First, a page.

China is planning to build its first port specifically meant for trade with Taiwan.

The special port area in southeastern Fujian province is China's latest effort to strengthen its ties with Taiwan despite the misgivings of the Taiwanese government.The price tag for the dock complex is estimated at about US$5.5 million.

The complex would be located on the five-square-mile island of Meizhou, which lies just south of the provincial capital, Fuzhou, and above the special economic zone of Xiamen (Amoy). The latter is a powerful magnet for heavy indirect investment by Taiwanese business in Fujian.

Initially, the dock complex would be able to handle ships of between 3,000 and 5,000 deadweight tons, Chinese officials said Tuesday. Expansion eventually would bring that capability up to 10,000 dwt., they said.

The complex would be the first port expressly designed for Taiwan-China trade, said Huang Yusen, president of the Fujian provincial branch of the People's Construction Bank of China. The bank is responsible for all investment on Meizhou Island, which is less than 100 miles from the western Taiwanese port of Taichung.

Taiwan and China have had no official relations since the communists seized power on the mainland in 1949. Commerce, however, is booming as Taiwanese industry makes greater use of the cheap labor and land available across the narrow strait.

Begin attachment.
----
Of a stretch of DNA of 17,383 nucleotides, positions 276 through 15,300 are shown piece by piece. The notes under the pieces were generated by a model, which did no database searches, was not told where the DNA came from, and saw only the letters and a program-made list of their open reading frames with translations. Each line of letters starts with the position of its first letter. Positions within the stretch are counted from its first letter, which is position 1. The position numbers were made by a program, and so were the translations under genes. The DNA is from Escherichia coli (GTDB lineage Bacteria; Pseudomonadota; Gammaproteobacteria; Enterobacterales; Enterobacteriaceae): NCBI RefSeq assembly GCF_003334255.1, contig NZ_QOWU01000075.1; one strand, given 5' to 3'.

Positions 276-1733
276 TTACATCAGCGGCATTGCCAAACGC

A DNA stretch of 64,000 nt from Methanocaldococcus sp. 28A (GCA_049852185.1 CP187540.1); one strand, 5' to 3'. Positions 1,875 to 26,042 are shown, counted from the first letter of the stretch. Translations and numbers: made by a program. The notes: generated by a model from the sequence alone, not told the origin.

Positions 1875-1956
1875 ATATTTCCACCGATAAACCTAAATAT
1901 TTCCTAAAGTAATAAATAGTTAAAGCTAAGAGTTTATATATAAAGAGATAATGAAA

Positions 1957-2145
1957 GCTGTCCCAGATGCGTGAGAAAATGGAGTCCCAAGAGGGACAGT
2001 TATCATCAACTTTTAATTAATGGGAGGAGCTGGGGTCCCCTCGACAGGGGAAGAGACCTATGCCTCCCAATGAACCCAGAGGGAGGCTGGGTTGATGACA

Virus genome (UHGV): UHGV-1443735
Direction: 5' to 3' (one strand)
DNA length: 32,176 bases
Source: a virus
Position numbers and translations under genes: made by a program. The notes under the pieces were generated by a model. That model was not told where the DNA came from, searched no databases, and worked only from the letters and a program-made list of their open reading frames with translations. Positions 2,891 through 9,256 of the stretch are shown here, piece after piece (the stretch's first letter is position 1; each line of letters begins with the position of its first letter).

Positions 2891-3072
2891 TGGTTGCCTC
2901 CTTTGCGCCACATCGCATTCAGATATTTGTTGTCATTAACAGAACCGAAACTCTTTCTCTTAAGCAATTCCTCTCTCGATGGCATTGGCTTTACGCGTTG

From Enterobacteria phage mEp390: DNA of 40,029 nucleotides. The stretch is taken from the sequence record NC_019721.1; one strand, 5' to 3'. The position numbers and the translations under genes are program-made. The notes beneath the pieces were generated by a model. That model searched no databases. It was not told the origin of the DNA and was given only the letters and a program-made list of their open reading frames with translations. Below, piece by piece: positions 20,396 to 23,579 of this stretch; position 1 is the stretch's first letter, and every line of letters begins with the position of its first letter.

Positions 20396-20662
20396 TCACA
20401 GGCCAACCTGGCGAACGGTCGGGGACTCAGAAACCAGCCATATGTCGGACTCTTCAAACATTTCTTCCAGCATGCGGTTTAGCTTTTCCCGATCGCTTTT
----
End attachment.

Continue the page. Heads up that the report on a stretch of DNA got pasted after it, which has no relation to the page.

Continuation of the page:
Two-way trade, conducted mainly through Hong Kong, totaled a record US$5.8 billion last year, up 43 percent from 1990. Taiwan's imports from the mainland grew 47 percent to US$1.1 billion; China-bound exports rose 42 percent to US$4.7 billion.

Chinese figures show nearly 200 commercial vessels from Taiwan called at Meizhou in 1991, bringing or collecting cargoes valued at US$4 million. Direct transport and investment remain illegal under Taiwan law, but that bar is being steadily undermined by businessmen.

Hong Kong-based Huayang Co., with additional funds from Taiwan and Singapore investors, signed a deal last year to develop a site on Meizhou. That project's cost is estimated at about US$130 million over eight years.

According to Huayang, the first stage will be a two-mile bridge linking Meizhou with the rest of Fujian province. Basic roads, water, electricity and telecommunications are included in stage one.

Between 1996 and the end of the decade, a "complete network of roads and infrastructure" will follow, the Hong Kong firm said. Tourist, commercial and service industries also are envisioned.

Chinese plans announced earlier for the waters around Meizhou Island include an oil refinery and berth and a 10,000-ton sundry goods berth. An export- oriented hub is projected, based on heavy industry and chemicals.

Ten berths are being added at Fuzhou's harbor and four at Xiamen's Dongdu port. The latter comprises a container wharf, two sundry goods wharves and a coal dock.

A new airport is planned for Fuzhou and improvements to the one at Xiamen are under way. Both are intended in part to cater to direct China-Taiwan flights, which authorities in Taipei are resisting but will probably allow in time.